Lexapro, or escitalopram oxalate, and Celexa, or citalopram hydrobromide, are prescription selective serotonin reuptake inhibitors. Although both medications are licensed to treat depression and have chemical similarities, they are different medications and are not interchangeable.
As of 2010, only Celexa is available as a generic drug. Lexapro, which will not be sold in generic form until after 2012, must be purchased under the brand name until then. Lexapro is a more expensive option than the citalopram, the generic version of Celexa.
Both Lexapro and Celexa contain enantiomers, molecules that are almost identical but are actually opposites. Like right and left hands, enantiomers are mirror images of each other. Celexa is a mixture of ‘R’ and ‘S’ enantiomers, and Lexapro has only the ‘S’ enantiomer.
According to author and doctor of pharmacology Kristi Monson, who oversees drug and supplement information on eMedTV.com, research comparing Lexapro with Celexa suggests that the ‘S’ enantiomer is a more active antidepressant than the ‘R’ enantiomer, which is one reason Lexapro was developed.
History and Patent Status
Celexa was introduced in 1989. When the trade name patent expired in 2003, other manufacturers could produce the generic form of citalopram. Lexapro is the trade name for the generic medication escitalopram, an updated citalopram formula. Lexapro was developed and produced in 2002. The patent is effective until 2012.
Uses and Efficacy
Lexapro is approved to treat anxiety disorders, whereas Celexa is not. This does not mean Celexa cannot help with anxiety, just that Celexa has not been adequately researched or approved by the U.S. Food and Drug Administration for anxiety treatment.
Some studies suggest Lexapro may be more effective than Celexa for depression treatment, while others have not found significant differences between these medications. In a 2008 article about escitalopram from Expert Review of Neurotherapeutics, Drs. Cyril Höschl† and Jaromír Švestka of the Prague Psychiatric Centre in the Czech Republic explain that escitalopram is effective as the first option for managing patients with major depression and various anxiety disorders.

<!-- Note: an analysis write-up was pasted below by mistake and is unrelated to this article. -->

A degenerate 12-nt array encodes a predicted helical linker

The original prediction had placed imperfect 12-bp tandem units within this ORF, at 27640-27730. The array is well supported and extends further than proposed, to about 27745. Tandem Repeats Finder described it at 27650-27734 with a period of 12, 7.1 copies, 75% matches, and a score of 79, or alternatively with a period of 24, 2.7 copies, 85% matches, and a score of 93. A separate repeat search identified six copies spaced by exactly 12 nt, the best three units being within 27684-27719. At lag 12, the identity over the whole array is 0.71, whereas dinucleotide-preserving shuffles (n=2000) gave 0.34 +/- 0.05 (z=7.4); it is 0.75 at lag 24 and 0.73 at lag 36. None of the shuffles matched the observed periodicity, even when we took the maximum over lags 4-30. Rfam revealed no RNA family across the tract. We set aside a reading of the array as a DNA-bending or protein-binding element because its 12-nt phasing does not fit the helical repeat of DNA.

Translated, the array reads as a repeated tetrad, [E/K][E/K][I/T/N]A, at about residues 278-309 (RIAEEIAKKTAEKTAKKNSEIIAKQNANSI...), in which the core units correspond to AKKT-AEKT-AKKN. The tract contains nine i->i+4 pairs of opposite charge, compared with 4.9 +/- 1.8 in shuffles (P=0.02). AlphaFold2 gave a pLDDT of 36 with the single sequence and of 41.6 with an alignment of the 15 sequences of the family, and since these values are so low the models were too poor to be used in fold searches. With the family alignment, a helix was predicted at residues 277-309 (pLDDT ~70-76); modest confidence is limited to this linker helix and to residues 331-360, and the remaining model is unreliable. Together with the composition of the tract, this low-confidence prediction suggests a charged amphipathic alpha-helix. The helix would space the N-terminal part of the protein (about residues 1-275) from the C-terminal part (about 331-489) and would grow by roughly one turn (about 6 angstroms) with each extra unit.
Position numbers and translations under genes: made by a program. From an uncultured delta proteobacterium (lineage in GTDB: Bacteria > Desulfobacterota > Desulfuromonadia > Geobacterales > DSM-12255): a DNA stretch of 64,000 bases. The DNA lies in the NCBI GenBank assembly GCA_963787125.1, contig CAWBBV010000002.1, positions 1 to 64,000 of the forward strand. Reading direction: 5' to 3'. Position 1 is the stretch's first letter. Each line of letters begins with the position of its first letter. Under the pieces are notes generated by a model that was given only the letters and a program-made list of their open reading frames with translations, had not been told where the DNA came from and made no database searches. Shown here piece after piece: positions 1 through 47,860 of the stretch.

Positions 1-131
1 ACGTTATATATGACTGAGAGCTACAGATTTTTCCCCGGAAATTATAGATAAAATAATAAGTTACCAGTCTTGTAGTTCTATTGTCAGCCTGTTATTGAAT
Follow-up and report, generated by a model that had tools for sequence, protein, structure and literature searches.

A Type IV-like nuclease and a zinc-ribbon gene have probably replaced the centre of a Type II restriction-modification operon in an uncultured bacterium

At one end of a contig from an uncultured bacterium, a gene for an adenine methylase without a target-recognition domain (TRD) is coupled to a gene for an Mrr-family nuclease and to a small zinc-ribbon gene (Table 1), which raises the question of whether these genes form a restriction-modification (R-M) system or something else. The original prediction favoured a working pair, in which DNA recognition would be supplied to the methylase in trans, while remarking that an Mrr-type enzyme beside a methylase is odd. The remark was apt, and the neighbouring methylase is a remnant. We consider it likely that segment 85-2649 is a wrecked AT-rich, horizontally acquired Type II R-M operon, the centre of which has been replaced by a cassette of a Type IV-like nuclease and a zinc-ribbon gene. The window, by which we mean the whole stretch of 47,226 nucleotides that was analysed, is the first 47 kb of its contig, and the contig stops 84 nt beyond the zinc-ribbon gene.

Celexa and its generic drug, citalopram, are approved by the Food and Drug Administration to treat major depression, mood disorders, panic disorders and social anxiety. Celexa is prescribed commonly for elderly patients and people with dual diagnoses, but Lexapro may be more beneficial for patients who experience panic attacks.
Researchers from the University of Catania in Italy looked at the safety and efficacy of escitalopram at half dosage compared with citalopram and concluded that escitalopram may be the better drug for elderly patients with panic attacks because of its safety, more rapid action and reduced total dose necessary. Their finding were published in "The Journal of Clinical Psychopharmacology" in 2006.
Lexapro and Celexa come with identical warnings about serious side effects, such as rigid muscles, high fever, uneven heartbeat, sweating, tremors, nausea, diarrhea, weakness, appetite loss, unsteadiness, headaches, confusion, trouble concentrating or remembering, fainting, seizures, shallow breathing or hallucinations.
The less-serious side effects are somewhat different between the two, according to Drugs.com. Celexa may cause gastrointestinal upset, insomnia, drowsiness, dry mouth, ejaculation disorder, bleeding abnormalities, weight changes, increased urination, decreased sex drive, impotence, difficulty having an orgasm, dry or watery mouth and yawning; or cold symptoms such as sneezing, sore throat or a stuffy nose.
Lexapro’s less-serious side effects include insomnia, drowsiness, dry mouth, gastrointestinal upset, dizziness, sweating, fatigue, decreased libido, gas, heartburn, constipation, weight changes, dry mouth, yawning, ringing in the ears, decreased sex drive and impotence or difficulty achieving orgasm.